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Clarke Association church regrouping after stormcomment (0)

January 6, 2005

By Anthony Wade

Hopewell Baptist Church, Grove Hill, was swept from its church building into the homes of members for church services after severe weather battered its buildings on Nov. 24.
At press time the congregation was meeting in the homes of various church members. 
Meeting in homes will likely continue until a mobile chapel is secured for the congregation, according to Jack Wright, director of missions, Clarke Association. The mobile chapel was expected to be in place by the end of December.
The first Sunday after the storm Hopewell members had not had time to plan where they would be meeting, so Hopewell Pastor Don White said he encouraged his congregation to visit neighboring churches. Some attended Oak Grove Baptist Church and others Chilton Baptist Church.
The following Sunday the congregation met in White’s home. He said people are optimistic and are working together. “We can handle this with the Lord’s help. He was so good to us,” White said.            

“Everyone’s pulling together to make it through.”
Bobby DuBois, associate executive director of Alabama Baptist State Board of Missions (SBOM), helped secure a mobile chapel for the church. 
Mobile chapels have been increasingly needed in the state after recent storm damage, especially after Hurricane Ivan hit the state in September, according to DuBois.
He noted that the SBOM continues to have a waiting list for these units, but that Hopewell would be able to use the one provided them for as long as it is needed, which is the case with other Alabama Baptist churches.
DuBois also said a distribution of money from the SBOM’s designated general disaster relief fund has been sent to Hopewell.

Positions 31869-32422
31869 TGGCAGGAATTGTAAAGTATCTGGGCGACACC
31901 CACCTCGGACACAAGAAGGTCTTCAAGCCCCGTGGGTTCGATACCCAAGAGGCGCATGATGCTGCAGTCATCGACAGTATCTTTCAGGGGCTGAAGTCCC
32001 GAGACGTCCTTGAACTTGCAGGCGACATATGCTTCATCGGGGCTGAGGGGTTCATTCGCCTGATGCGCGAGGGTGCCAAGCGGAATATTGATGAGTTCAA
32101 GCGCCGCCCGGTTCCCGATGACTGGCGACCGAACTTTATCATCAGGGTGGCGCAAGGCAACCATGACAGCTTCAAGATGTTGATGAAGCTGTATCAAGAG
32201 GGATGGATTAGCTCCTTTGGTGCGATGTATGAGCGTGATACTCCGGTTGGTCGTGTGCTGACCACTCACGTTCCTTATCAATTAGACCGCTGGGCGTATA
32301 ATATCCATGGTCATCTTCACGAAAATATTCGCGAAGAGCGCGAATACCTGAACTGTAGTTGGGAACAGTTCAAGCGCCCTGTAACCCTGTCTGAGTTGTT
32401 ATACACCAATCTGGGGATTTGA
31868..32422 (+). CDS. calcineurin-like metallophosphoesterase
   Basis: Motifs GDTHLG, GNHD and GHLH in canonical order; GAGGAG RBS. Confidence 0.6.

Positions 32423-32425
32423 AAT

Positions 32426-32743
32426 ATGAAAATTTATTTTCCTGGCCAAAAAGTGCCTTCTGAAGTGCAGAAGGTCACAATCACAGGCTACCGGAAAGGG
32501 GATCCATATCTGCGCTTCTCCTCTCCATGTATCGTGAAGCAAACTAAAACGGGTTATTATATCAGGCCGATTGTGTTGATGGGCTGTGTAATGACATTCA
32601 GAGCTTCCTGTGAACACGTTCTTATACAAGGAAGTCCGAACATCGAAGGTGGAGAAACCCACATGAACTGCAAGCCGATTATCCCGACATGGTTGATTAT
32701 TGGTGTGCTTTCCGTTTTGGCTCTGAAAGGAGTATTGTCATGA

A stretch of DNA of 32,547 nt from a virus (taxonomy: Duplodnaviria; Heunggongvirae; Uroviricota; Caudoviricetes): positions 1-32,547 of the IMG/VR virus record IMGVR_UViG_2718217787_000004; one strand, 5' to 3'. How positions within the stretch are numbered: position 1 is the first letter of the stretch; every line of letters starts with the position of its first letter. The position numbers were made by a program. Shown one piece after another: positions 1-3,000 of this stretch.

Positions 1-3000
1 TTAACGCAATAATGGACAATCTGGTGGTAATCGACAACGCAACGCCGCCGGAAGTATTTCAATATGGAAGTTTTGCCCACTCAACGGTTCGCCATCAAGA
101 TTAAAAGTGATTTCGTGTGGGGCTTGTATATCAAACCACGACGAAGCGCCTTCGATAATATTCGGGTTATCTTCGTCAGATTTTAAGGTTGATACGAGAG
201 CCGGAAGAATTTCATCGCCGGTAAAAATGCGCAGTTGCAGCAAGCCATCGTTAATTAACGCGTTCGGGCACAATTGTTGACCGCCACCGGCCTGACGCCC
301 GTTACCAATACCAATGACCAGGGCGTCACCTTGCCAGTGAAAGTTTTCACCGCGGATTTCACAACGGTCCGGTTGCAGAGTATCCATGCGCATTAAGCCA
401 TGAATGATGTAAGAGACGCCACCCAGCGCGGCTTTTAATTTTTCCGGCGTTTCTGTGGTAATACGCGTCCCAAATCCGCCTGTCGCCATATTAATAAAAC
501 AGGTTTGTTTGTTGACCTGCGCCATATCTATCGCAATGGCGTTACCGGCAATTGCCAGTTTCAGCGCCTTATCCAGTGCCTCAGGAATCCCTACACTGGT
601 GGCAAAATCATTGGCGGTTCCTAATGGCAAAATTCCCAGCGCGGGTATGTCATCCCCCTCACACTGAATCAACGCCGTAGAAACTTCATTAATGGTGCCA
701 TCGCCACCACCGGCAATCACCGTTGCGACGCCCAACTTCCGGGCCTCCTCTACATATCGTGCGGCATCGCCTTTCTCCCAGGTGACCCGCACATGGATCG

White expressed thanks for the SBOM’s help and said the church was ready for the chapel. 
“We already have a place on the church property selected for the chapel,” he said at press time. “As soon as it gets here we’ll be ready to hook up the power and water and begin having services in it.”
White also noted that contractors in south Alabama are still stretched thin as rebuilding continues after Hurricane Ivan. Nonetheless, the church has had two contractors evaluate the damage and waits for official bids to come.
Meanwhile insurance claims adjusters and church leaders were inspecting and evaluating the damage that drove the congregation out of Hopewell Baptist.
White said damage to the church was severe but the walls of the church buildings appear to be intact — no bulging or blown out walls. 
But the roofs are another story. 
“Most of the roofing shingles and plywood decking has been blown off. Some rafters will have to replaced as well,” he said. 
Nearly all of the interior furnishings of the church were damaged by water, so they will have to be replaced, White noted. He said they are attempting to salvage the church pews, but he is not sure whether their efforts will be successful. 
An education wing off of the sanctuary suffered widespread roof damage, according to White. “There were huge holes in the roof over that area,” he said.
Over in the fellowship hall there is a two- to four-inch gap where the roof is supposed to join the wall at one end of the fellowship hall. 
Winds lifted the roof and set it back down again, causing that damage, White said.
He said because of the water damage, gaping holes in the roof and the questionable status of the structure of the remaining roof in the sanctuary, the church has suspended any services or meetings within the church buildings.

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